The Other Wrinkle

One other thing came up on our trip that I’m going to have to talk to the behaviorist about.

Silas is terrified of cars. When the behaviorist assessed him, we walked out of her office and down the sidewalk. We didn’t even make it to the next driveway. Silas spent so much of that time flattened to the sidewalk that he almost wore his nails to the quick. I’ve had to leave parks with him because he saw a car through the trees a quarter of a mile away.

Except.

He will play in Mom’s yard while somebody drives by.

He will run around a highway rest area. He’s not the happiest dog in the world there, and we definitely take him as far away from the road as we can, but he’s no worse than he is in any semi-new place.

And here’s the real kicker: while we were away my husband borrowed a truck to move some tires. Silas and I were outside when he pulled up and drove right through the yard. It was a strange car, and there was no way he could tell my husband was driving from the angle we were at. He looked at it like, “Huh. That’s weird. Where’s my ball?”

The only thing I can think of is that maybe it’s the sound. The cars Silas is afraid of are all driving on city pavement at speeds of less than 50 mph. The road at Mom’s turns into dirt right at the corner of her yard, so the sound is really different. Cars also sound different at the highway speeds near a rest area. The truck was driving very close, but on grass it was almost silent.

It would fit in a way, too, because Silas is afraid of a lot of “roaring” type noises. He’s afraid of the vacuum, my kitchen exhaust fan, the car air conditioner on high, the blender, the hair dryer, and the leaf blower. Those and similar sounds are almost the only noises that bother him.

Now, a completely unrelated picture of Silas, hanging out in the back of the car with a mountain of new beds. (He’s obsessed with these, and our local store doesn’t carry them. We bought two more while we were away just in case something happens to the first one.)

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Adventures in Babysitting

While we were on our most recent trip, my husband went for a job interview. If the job had worked out (it didn’t; they wanted to hire him, but for a 20% pay cut. LOLOLOL.) it would have meant moving across the country. I know that Silas couldn’t handle the process. It seems like my best, in some ways, option was to see if he could stay alone with my mom overnight. He adores her, and I wouldn’t have to worry about the stress of putting him in boarding. In the real situation he would have to stay for three or four days, at least, which made it really important to do a test run before I counted on it working.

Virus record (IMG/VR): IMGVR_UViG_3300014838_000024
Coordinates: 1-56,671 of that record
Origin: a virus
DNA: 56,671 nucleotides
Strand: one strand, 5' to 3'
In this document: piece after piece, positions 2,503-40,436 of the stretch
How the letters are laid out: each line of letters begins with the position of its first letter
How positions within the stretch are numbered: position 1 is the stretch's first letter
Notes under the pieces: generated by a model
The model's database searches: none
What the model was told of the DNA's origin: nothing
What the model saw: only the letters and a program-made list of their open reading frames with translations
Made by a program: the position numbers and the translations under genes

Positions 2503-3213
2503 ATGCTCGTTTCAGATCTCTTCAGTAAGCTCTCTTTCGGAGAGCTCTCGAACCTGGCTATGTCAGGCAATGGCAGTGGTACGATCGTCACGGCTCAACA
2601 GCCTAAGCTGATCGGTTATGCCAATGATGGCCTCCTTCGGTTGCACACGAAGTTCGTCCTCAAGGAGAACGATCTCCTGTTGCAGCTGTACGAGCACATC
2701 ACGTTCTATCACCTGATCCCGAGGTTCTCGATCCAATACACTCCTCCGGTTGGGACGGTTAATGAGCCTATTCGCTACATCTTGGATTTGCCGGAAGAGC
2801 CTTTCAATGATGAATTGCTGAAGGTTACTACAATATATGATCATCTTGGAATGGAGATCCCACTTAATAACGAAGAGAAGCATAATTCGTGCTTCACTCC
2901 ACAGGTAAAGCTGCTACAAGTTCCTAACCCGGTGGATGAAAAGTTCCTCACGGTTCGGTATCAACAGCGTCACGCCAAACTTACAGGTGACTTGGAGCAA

My husband and I left at about 9:00 on Thursday morning, and we came back around 8:30 Friday night. Silas did just fine. I’m not sure I’ll be able to do it so easily next time–he obviously had no idea that us not coming home was even a possibility the first night. On the second night, he made Mom take him outside around dusk and wait on us for the next half an hour. Luckily for her we came home.

Very interesting things happened while we were gone. Mom’s house is usually pretty busy with people in and out. She tones it down a lot while we’re there, but I didn’t explicitly say “Hey, no strangers while we’re gone!” On the first day, my brother, who Silas knows but isn’t really comfortable with, brought a friend of his over to do some yard work. Silas and Mom were outside when they pulled up. Silas did not bark at them. Mom even took Silas over to meet them, and he did not bark. When I took Silas out the day before, he barked over the neighbor being on his porch.

Then it gets crazier–the second day, my uncle came over. I’ve introduced Silas to him a few times before, but it hasn’t really “taken.” Silas did not bark. He walked over, gave my uncle a good sniff, and then went back to the sofa.